The 9th skirmished the Shenandoah Valley from July 12 to 15. The marched to Stephenson's Depot July 20. They were at the Battle of Kernstown, Winchester, July 23 to 24th and Martinsburg on July 25. Several of the best men were selected for detached service in Blazer's Scouts, a mounted unit that was to guard supply lines and combat John S. Mosby's rangers.
The 9th West Virginia Infantry was a part of Sheridan's Shenandoah Valley Campaign August from 6th to November 1. They were at Halltown August 24 and 26 and Berryville September 3. They participated in the Battle of Opequon, Winchester, September 19. They moved on to Fisher's Hill September 22. From there, the 9th took part in the Battle of Cedar Creek on October 19. From there, they marched to Camp Russell and remained until November, 1864.
The 9th West Virginia was amalgamated with 5th West Virginia Volunteer Infantry Regiment on November 9, 1864, to create the 1st West Virginia Veteran Volunteer Infantry Regiment.
After the war, General Isaac H. Duval recounted, "We were in some defeats as well as many victories, and in our defeats and retreats the Ninth Regiment was never panic-stricken, but always came off as it went into battle, shoulder to shoulder. We never allowed the enemy to go through us in advancing or retreating."
The 9th West Virginia Volunteer Infantry Regiment suffered 3 Officers and 96 enlisted men killed in battle or died from wounds, and 1 officer and 107 enlisted men dead from disease for a total of 207 fatalities.
Colonel Leonard Skinner, December, 1861.
Lieutenant-colonel William C. Starr, December, 1861.
Major Benjamin M. Skinner December, 1861.
Colonel Isaac H. Duval, September 9, 1862.
Colonel Carr B. White, Brigade Commander May 9, 1864.
The 150th Cavalry Regiment ("The Second West Virginia") is a unit of the West Virginia Army National Guard, with troops in multiple locations throughout West Virginia. Its heritage with the West Virginia National Guard dates back to the Revolutionary War.George N. Fulton
George William Newman Fulton (1834–1894) was a noted potter who worked in Allegheny County, Virginia and in Fincastle, Virginia.Kellian Whaley
Kellian Van Rensalear Whaley (May 6, 1821 – May 20, 1876) was a nineteenth-century congressman from Virginia and West Virginia and major of the 9th West Virginia Volunteer Infantry during the Civil War.List of Virginia Civil War units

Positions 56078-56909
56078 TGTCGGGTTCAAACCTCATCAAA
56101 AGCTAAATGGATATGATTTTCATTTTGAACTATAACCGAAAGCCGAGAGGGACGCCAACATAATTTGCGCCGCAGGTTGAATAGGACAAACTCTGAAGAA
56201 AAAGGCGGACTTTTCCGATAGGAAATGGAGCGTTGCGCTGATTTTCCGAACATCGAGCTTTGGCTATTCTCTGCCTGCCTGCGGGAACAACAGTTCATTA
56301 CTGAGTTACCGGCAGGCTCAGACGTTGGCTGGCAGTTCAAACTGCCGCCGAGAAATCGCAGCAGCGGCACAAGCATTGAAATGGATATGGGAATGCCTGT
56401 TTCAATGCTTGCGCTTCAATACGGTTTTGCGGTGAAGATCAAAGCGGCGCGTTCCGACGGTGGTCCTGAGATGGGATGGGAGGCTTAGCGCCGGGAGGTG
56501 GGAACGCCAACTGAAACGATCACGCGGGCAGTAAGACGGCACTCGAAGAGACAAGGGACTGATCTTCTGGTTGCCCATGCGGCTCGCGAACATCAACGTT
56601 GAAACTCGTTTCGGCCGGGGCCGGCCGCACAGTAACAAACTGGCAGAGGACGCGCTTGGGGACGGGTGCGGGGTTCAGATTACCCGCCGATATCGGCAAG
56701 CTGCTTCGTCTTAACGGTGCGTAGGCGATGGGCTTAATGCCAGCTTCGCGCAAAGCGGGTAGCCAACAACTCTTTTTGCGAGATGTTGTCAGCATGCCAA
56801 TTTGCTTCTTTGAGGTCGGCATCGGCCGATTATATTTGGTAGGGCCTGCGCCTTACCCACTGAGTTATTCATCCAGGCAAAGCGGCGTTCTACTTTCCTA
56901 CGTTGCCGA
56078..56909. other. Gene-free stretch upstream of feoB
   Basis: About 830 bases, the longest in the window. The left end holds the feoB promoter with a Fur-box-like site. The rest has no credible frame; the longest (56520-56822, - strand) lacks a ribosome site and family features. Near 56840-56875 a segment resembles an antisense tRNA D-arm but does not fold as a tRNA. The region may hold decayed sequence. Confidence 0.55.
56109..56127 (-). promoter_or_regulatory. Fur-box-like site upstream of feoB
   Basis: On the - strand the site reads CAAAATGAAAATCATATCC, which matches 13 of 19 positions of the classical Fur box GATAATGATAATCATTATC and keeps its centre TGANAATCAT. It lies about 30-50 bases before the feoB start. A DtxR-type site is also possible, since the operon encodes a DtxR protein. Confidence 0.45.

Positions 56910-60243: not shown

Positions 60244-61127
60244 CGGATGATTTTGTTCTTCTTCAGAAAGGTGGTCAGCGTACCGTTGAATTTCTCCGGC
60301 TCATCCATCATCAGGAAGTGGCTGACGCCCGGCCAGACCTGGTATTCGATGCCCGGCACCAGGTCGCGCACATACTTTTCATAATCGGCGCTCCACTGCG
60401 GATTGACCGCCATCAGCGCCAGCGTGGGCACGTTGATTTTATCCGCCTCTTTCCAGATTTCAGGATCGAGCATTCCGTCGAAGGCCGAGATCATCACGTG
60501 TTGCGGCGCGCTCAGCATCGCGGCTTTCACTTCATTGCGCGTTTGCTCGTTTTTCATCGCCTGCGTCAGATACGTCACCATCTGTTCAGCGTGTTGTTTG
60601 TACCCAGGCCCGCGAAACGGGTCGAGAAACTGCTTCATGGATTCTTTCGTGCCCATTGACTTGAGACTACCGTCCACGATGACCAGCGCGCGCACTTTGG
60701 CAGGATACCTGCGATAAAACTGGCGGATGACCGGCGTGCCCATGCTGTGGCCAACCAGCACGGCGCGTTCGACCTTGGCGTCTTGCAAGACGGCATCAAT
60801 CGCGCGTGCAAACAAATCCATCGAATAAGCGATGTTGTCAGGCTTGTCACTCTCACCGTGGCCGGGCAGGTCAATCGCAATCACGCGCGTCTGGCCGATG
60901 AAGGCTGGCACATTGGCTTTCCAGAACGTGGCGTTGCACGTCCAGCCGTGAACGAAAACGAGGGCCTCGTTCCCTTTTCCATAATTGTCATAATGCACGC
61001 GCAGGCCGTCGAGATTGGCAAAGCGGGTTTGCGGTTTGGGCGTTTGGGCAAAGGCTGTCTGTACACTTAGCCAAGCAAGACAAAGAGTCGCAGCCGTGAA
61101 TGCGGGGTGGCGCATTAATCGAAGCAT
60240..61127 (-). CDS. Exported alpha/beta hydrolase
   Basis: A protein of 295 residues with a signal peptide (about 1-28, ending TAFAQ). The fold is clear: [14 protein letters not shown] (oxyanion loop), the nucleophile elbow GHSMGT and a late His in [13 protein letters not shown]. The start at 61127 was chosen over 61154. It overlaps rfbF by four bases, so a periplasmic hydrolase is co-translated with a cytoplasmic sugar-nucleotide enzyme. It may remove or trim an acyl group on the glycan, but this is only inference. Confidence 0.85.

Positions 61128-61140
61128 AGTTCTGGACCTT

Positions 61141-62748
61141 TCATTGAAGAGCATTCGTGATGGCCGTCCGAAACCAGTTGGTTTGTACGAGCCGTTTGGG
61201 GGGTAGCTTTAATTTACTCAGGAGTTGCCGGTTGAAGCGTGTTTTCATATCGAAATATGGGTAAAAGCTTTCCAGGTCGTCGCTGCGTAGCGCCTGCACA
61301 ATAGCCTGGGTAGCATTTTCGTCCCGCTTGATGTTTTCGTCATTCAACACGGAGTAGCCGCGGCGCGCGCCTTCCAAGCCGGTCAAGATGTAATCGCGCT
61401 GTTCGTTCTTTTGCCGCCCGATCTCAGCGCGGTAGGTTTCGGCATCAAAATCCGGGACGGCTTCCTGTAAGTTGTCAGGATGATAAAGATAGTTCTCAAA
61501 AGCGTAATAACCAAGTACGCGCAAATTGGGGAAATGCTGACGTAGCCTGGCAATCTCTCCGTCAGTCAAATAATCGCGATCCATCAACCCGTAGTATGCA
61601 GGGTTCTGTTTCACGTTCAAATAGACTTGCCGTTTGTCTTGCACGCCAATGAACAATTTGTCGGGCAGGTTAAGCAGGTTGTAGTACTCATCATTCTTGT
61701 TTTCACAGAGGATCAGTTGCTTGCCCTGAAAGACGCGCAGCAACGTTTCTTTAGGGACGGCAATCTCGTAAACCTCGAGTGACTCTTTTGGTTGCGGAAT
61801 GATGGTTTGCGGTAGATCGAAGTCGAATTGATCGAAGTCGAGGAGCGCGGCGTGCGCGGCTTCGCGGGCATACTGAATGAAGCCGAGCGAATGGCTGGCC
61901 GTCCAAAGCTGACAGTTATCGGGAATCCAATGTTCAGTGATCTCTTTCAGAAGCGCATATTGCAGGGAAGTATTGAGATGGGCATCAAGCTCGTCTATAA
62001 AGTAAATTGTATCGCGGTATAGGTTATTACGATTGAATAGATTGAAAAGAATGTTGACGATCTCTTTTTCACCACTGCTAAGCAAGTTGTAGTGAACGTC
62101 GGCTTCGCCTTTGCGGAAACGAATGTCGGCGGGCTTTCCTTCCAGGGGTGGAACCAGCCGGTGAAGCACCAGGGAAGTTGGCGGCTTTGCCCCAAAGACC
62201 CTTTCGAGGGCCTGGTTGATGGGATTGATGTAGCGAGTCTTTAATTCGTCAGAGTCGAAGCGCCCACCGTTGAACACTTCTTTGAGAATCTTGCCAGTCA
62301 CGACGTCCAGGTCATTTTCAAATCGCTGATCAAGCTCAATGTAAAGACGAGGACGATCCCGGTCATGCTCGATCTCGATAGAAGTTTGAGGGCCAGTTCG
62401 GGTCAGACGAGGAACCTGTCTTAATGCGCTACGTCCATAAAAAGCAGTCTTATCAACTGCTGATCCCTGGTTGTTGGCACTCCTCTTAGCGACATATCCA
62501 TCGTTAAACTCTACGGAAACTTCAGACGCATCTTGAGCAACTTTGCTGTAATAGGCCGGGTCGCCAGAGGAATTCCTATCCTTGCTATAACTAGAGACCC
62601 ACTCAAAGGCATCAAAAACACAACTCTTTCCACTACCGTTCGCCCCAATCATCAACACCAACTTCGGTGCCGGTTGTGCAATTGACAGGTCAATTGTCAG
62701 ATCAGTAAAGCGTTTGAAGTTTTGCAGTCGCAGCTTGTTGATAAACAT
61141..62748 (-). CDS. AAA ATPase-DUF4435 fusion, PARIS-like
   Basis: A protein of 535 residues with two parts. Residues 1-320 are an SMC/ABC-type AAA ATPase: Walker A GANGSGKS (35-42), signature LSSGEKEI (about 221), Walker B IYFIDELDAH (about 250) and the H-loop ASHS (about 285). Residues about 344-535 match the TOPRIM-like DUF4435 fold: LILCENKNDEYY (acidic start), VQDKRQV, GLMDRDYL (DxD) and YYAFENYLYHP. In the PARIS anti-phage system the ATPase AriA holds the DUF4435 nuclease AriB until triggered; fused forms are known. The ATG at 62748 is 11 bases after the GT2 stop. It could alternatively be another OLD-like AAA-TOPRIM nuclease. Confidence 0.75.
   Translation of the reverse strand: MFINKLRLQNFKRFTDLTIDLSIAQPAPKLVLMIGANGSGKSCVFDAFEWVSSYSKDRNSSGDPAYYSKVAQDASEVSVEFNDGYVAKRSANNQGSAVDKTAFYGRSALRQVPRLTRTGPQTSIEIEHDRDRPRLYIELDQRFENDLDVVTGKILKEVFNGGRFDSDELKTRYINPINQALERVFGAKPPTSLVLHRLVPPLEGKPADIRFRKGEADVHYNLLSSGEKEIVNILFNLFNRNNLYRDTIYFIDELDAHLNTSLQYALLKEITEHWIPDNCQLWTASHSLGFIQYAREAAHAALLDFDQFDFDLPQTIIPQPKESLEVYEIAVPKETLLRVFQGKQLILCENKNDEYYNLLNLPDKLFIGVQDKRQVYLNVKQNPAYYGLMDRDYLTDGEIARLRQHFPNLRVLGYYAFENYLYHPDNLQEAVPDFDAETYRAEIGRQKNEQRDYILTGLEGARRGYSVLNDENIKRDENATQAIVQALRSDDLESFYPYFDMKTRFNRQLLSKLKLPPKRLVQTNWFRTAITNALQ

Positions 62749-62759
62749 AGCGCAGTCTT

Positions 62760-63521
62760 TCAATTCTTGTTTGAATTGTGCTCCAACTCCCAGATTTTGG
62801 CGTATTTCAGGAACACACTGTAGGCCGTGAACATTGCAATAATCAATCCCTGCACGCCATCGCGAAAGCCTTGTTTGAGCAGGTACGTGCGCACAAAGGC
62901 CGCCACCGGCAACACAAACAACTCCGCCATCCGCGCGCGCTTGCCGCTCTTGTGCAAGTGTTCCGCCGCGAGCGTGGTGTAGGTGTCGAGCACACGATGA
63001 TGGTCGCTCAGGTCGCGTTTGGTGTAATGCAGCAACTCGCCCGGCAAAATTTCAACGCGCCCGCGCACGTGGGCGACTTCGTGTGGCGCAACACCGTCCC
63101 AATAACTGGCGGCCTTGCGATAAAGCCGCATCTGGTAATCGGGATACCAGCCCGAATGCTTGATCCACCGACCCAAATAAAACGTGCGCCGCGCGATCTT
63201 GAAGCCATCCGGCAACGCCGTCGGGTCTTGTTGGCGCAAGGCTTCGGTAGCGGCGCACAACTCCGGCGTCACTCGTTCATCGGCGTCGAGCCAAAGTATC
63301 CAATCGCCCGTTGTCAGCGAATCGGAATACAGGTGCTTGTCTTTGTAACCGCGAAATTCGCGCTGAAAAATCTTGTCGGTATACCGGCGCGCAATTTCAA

Virginia provided the following units to the Virginia Militia and the Provisional Army of the Confederate States (PACS) during the American Civil War. Despite the state's secession from the Union it would supply them with third most troops from a Southern state (next to Tennessee and North Carolina) along with the newly created West Virginia totaling at 22,000. Also listed are the units of Virginian origin in the service of the Union Army.List of West Virginia Civil War Union units
West Virginia, which declared its independence from Virginia to join the Union, provided the following units to the Union Army during the American Civil War. Units raised in the western counties prior to the creation of the state of West Virginia were often known as loyal Virginians, who formed the Restored government of Virginia in Wheeling, West Virginia in 1861. The state produced some of the most highly-decorated regiments of the Union Army, and supplemented the Union with 32,000 Soldiers, Sailors and Marines throughout the war. Two West Virginia cavalry regiments, one infantry regiment and an artillery company, almost 760 men, played a key role against Pickett's Charge in the Battle of Gettysburg, less than two weeks after the official admission of the new state into the Union as the 35th state. The 3rd West Virginia Cavalry, alongside the 2nd New York Cavalry, successfully cut off the Confederate retreat at Appomattox Station on April 8, 1865, and was present during General Robert E. Lee's surrender at Appomattox Court House to General Ulysses S. Grant the following day.